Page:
Pilot Project

We are bringing the endangered tansy beetle back to Cambridge, and we need your help! Having once been widespread throught the East of England, this enigmatic small beetle is holding on to its existence in one small location on the River Ouse in Yorkshire.

We’ve teamed up with local reserves and experts who have dedicated their lives to protecting the tansy, so that we can launch the Citizen Zoo pilot project to save this species from going extinct in the UK.

How it works

1. We rear a small starter population on tansy’s for use in the project. The pregnant females will lay eggs on their food plants before we return them to the wild.

2. Local people are recruited and entered into a one year ‘Citizen Keeper’ in training programme. They are schooled with suitable knowledge and skills in caring for these beautiful animals.

3. The eggs are placed in rearing buckets with a good amount of food plant and given to our Citizen Keepers in training. The tansy’s from Cambridge are particularly partial to feeding on wild Gypsywort and Mint plants.

4. The eggs start to hatch and hungry juveniles emerge. They are placed in separate containers which need to be supplemented with a daily supply of food plant. The larvae begin to grow into young tansy’s.

5. The larvae grow into mature adults and continue eating, autumn approaches. The tansy’s feel the cold coming and begin to prepare for winter. Autumn arrives and tansy’s burrow themselves into the soil and hibernate amongst the roots and shoots of their food plants over winter.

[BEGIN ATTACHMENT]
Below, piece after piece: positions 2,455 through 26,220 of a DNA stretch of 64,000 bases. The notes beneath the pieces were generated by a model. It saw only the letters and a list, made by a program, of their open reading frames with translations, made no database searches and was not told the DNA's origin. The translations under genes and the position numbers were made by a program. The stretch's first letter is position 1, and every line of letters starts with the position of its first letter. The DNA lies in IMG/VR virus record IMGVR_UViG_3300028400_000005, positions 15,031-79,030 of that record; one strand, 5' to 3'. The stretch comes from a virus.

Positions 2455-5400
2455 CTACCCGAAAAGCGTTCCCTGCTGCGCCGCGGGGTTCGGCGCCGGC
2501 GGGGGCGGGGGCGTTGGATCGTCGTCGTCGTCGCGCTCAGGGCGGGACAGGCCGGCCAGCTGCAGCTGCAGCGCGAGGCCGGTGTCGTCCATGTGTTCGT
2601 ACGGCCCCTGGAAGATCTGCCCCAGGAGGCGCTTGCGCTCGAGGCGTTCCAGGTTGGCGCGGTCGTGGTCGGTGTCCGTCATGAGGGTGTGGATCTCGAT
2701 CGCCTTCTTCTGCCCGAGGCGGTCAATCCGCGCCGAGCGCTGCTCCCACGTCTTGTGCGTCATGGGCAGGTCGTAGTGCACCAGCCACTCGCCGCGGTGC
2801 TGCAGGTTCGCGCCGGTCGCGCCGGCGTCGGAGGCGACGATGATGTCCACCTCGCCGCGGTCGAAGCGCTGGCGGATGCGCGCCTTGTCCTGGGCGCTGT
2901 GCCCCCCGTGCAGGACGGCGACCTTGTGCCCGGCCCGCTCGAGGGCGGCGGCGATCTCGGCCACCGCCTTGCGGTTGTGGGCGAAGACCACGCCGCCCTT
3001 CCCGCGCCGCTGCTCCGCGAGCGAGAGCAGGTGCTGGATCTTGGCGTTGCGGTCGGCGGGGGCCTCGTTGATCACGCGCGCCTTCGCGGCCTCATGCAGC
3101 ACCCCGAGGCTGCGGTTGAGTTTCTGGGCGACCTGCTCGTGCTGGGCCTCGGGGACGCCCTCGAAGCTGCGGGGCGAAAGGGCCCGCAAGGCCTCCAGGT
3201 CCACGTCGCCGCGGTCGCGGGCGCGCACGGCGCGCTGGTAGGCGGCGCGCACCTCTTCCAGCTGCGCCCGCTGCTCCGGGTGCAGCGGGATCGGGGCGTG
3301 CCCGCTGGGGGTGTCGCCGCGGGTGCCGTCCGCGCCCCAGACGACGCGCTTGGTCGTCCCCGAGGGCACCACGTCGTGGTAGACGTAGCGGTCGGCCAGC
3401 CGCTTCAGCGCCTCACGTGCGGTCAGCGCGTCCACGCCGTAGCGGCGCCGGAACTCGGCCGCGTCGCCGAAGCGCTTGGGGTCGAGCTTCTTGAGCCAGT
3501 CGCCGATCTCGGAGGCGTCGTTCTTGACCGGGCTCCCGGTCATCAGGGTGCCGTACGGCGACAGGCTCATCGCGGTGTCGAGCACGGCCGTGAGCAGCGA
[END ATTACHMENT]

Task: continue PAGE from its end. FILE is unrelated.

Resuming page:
6. Spring arrives and the tansy’s emerge from their deep winter sleep. They get hungry and begin to eat a lot. During the previous summer, our Citizen Keepers in training will have grown more food plants to feed the tansy’s growing appetites in Spring.

7. Having rested and been well fed in Spring, summer approaches and the tansy’s are now ready to mate. Citizen Keepers in training mix up their individuals so that we keep the genetics nice and robust. The tansy’s mate and females lay an abundance of eggs.

8. Our Citizen Keepers in training rear the eggs and juveniles to maturity, and make plans for their release before Autumn.

9. We organise a reintroduction release day and our keepers in training bring the tansy’s they’ve cared for throughout the year to the selected release sites. The tansy’s are released into the wild and closely monitored thereafter by our Citizen Keepers.

10. After the release, our keepers in training graduate as fully-fledged Citizen Keepers. If all goes to plan, our Citizen Keepers carry on their great work with our support, until this species is once again abundant throughout the East of England.